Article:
You are not the first person to get fired, but that doesn’t soften the blow, especially if your boss didn’t give you a concrete reason for your termination. If being fired has left you struggling to pay your bills while also looking for work, you may have a feeling that something was not right with the way you were let go.
Many states, including Arizona, are “at-will” employment states, meaning an employer needs no reason to fire an employee. The manager or business owner does not need to provide notice before terminating you, and you can quit your job anytime you want to without giving a reason. This arrangement can give both sides a lot of leeway, but it can also leave both sides with more questions than answers.
Wrongful Termination, Discrimination and Retaliation
Many people take jobs without signing a contract. However, if you signed a contract when you accepted the job, the contract itself may outline more specific reasons why management can or cannot fire you. In some cases, an employee handbook will contain statements that protect you from termination without a valid reason. This is known as an implied contract, and some states accept implied contracts as exceptions to the at-will rule. Arizona also forbids employers from firing workers just to avoid covering their benefits or paying their commissions.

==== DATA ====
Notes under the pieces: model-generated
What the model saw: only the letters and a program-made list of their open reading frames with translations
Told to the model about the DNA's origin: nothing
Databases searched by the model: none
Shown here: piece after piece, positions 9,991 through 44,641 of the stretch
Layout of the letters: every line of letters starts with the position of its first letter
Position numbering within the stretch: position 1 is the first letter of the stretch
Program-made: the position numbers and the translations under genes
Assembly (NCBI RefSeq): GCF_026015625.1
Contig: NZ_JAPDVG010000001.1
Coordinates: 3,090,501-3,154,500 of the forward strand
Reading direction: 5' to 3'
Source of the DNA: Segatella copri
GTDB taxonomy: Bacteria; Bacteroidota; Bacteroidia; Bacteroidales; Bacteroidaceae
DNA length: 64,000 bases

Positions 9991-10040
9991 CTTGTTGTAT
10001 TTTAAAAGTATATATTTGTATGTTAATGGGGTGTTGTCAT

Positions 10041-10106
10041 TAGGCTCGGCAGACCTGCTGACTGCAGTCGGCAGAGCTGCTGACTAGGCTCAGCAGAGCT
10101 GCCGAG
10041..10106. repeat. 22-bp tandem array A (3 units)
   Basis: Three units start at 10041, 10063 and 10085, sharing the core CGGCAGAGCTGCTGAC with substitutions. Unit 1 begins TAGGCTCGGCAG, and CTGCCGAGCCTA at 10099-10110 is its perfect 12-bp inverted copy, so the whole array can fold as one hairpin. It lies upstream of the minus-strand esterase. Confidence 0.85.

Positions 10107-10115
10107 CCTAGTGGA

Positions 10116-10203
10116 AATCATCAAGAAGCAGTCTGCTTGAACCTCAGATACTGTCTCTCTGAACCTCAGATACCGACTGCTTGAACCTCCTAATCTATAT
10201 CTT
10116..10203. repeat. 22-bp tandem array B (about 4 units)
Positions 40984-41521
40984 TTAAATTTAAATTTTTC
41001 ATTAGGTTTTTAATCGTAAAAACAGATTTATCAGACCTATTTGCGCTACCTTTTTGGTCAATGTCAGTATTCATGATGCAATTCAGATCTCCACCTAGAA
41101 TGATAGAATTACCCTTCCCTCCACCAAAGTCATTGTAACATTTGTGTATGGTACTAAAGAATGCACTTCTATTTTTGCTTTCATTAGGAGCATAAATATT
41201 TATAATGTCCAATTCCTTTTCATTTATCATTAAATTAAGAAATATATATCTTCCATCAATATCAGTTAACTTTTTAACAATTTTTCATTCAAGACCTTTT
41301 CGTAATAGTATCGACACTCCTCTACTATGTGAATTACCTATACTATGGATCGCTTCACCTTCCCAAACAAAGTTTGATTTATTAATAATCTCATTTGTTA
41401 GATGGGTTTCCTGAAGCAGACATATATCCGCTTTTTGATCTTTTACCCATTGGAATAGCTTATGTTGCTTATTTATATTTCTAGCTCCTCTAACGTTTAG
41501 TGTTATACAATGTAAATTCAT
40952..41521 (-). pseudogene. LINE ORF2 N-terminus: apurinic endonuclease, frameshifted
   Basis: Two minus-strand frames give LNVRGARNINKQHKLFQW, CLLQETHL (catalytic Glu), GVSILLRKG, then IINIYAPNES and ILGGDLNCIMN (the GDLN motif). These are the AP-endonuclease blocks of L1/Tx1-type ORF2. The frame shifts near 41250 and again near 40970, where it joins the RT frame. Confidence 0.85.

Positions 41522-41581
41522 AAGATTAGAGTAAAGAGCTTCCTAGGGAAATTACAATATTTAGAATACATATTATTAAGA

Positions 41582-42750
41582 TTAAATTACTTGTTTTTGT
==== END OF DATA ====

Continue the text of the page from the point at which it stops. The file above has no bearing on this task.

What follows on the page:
Most importantly, an employer cannot fire you on the basis of discrimination. Federal law protects you from losing your job on the basis of:
- Sexual orientation
In addition, an employer cannot fire you in retaliation for blowing the whistle on some wrongdoing in the company.
How Do I Prove Wrongful Termination?
While it may not seem fair that you lost your job, unfairness is not necessarily grounds for you to file a wrongful termination claim against your former employer. However, at-will employment does not give an employer the right to fire you for discriminatory or retaliatory reasons. Nevertheless, proving that your employer wrongfully terminated you is a difficult task.
If you believe your boss fired you out of retaliation or for some discriminatory reason, you have every right to seek legal counsel for advice about filing a wrongful termination claim. An Arizona employment law attorney can help determine whether you have a valid claim. If you do, an experienced lawyer can represent you and guide you through the litigation process. You can expect aggressive representation from a lawyer who is passionate about defending the rights of workers.